This report describes the results of a study conducted by the U.S. Geological Survey, in cooperation with the Pennsylvania Department of Conservation and Natural Resources, Bureau of Topographic and Geologic Survey, to determine drought-sensitive aquifer settings in southeastern Pennsylvania. Because all or parts of southeastern Pennsylvania have been in drought-warning or drought-emergency status during 6 of the past 10 years from 1994 through 2004, this information should aid well owners, drillers, and water-resource managers in guiding appropriate well construction and sustainable use of Pennsylvania's water resources.
'Drought-sensitive' aquifer settings are defined for this study as areas unable to supply adequate quantities of water to wells during drought. Using information from previous investigations and a knowledge of the hydrogeology and topography of the study area, drought-sensitive aquifer settings in southeastern Pennsylvania were hypothesized as being associated with two factors - a water-table decline (WTD) index and topographic setting. The WTD index is an estimate of the theoretical water-table decline at the ground-water divide for a hypothetical aquifer with idealized geometry. The index shows the magnitude of ground-water decline after cessation of recharge is a function of (1) distance from stream to divide, (2) ground-water recharge rate, (3) transmissivity, (4) specific yield, and (5) duration of the drought. WTD indices were developed for 39 aquifers that were subsequently grouped into categories of high, moderate, and low WTD index.
Drought-sensitive settings determined from the hypothesized factors were compared to locations of wells known to have been affected (gone dry, replaced, or deepened) during recent droughts. Information collected from well owners, drillers, and public agencies identified 2,016 wells affected by drought during 1998-2002. Most of the available data on the location of drought-affected wells in the study area were from Chester and Montgomery Counties because those counties have well-construction regulations that identify wells that failed during drought. The locations of drought-affected wells in Chester and Montgomery Counties indicated the most highly sensitive settings are uplands and slopes in aquifers with high WTD index and uplands in aquifers with moderate WTD index. The least sensitive settings are in aquifers with low WTD index, in valleys, or on slopes. A map was developed showing the relative drought sensitivity (low, moderate, and high) of aquifers in southeastern Pennsylvania.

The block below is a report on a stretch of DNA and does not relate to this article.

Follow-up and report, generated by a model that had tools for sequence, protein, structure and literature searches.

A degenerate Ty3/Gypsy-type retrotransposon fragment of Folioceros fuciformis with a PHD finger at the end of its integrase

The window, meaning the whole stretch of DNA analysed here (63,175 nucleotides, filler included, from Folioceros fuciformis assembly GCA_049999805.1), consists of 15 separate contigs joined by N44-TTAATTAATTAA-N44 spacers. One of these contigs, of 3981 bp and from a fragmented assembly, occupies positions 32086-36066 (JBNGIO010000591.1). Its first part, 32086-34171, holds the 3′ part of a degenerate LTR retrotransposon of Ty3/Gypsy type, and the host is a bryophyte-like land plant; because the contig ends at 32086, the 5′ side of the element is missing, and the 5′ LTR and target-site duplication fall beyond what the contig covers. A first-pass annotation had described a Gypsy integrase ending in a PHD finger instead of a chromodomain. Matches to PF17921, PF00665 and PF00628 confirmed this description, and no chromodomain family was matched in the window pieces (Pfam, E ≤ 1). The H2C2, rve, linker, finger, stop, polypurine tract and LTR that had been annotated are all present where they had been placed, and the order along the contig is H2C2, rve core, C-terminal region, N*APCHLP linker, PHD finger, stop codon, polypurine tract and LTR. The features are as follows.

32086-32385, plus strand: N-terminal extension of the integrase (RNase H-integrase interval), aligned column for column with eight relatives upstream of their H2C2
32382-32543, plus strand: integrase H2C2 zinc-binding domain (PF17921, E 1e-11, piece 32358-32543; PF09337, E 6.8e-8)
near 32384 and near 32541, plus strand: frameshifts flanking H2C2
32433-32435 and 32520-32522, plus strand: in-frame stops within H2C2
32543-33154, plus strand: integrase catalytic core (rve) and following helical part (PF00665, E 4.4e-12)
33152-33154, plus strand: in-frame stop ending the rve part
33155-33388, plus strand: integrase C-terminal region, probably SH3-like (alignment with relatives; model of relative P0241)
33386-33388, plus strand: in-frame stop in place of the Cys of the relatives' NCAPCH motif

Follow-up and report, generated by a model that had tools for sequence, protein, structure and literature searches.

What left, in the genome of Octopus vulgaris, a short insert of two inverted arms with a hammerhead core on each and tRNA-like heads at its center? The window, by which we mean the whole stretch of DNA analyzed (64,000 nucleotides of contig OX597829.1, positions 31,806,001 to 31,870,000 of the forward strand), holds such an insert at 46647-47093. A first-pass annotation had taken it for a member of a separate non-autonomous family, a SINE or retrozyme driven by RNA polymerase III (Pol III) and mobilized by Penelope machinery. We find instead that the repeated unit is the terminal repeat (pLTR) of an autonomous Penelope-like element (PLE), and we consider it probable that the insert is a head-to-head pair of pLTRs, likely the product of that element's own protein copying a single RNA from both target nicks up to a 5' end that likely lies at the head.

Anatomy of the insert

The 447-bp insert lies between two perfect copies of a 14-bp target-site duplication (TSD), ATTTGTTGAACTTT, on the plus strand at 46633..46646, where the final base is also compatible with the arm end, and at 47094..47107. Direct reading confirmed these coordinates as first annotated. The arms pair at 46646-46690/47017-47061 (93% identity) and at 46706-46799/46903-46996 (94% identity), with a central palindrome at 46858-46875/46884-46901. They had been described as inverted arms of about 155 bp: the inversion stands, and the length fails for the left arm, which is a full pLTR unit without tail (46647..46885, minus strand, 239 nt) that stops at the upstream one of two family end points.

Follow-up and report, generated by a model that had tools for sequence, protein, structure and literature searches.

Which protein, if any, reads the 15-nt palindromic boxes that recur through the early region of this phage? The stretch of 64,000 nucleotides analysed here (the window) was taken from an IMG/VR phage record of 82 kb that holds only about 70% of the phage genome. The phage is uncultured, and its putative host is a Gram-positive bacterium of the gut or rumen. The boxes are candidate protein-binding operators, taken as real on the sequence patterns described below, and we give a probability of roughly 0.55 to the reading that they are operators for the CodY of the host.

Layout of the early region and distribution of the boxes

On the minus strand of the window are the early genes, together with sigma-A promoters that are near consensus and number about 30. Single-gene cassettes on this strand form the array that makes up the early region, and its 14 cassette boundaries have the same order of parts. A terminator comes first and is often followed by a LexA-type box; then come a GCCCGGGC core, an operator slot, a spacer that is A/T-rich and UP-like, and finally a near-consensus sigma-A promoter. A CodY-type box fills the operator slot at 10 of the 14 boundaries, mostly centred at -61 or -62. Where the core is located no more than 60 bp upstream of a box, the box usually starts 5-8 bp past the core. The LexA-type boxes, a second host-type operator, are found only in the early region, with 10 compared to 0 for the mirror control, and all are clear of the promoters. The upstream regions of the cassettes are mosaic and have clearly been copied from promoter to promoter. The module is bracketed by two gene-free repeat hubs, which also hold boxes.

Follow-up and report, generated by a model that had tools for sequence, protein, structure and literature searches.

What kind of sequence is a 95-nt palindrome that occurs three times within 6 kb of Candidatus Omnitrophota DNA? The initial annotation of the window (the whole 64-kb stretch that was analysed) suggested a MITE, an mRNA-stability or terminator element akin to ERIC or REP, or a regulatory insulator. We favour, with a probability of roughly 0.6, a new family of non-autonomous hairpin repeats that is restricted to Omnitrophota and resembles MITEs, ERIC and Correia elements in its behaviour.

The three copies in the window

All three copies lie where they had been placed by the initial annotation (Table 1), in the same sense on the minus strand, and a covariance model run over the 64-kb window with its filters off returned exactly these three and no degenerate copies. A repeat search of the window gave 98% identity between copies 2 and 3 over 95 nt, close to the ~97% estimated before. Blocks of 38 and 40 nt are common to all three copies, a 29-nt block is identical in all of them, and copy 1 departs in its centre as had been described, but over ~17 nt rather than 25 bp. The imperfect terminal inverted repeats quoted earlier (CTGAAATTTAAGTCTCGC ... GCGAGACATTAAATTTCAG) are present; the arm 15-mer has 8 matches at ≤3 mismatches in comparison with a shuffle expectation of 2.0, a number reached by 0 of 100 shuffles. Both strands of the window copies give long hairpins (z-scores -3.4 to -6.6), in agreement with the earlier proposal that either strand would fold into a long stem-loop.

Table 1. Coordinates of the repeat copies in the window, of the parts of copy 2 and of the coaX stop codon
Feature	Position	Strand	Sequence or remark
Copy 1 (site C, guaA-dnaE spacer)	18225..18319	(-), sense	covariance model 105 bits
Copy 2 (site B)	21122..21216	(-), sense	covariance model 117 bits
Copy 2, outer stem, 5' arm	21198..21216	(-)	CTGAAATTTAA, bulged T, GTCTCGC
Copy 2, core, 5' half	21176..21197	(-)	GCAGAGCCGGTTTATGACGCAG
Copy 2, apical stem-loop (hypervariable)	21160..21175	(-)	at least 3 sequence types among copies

Study results were limited by the inability to obtain much information about the location of drought-affected wells, with the exception of Montgomery and Chester Counties. Also, the construction characteristics (particularly depth) of drought-affected wells generally were not available. Well depth could be used to distinguish between problems caused by shallow well depth (generally less than 100 ft) and those caused by deficiency of the aquifer to supply water. With the exception of owner-derived information from a public survey on drought-affected wells (35 wells), depth data were not obtained. Data from the 35 drought-affected wells indicated most were drilled (not dug) and were completed to depths greater than 100 feet. This finding indicates that the affects of recent droughts in southeastern Pennsylvania were not restricted to shallow dug wells, but also affected deeper drilled wells.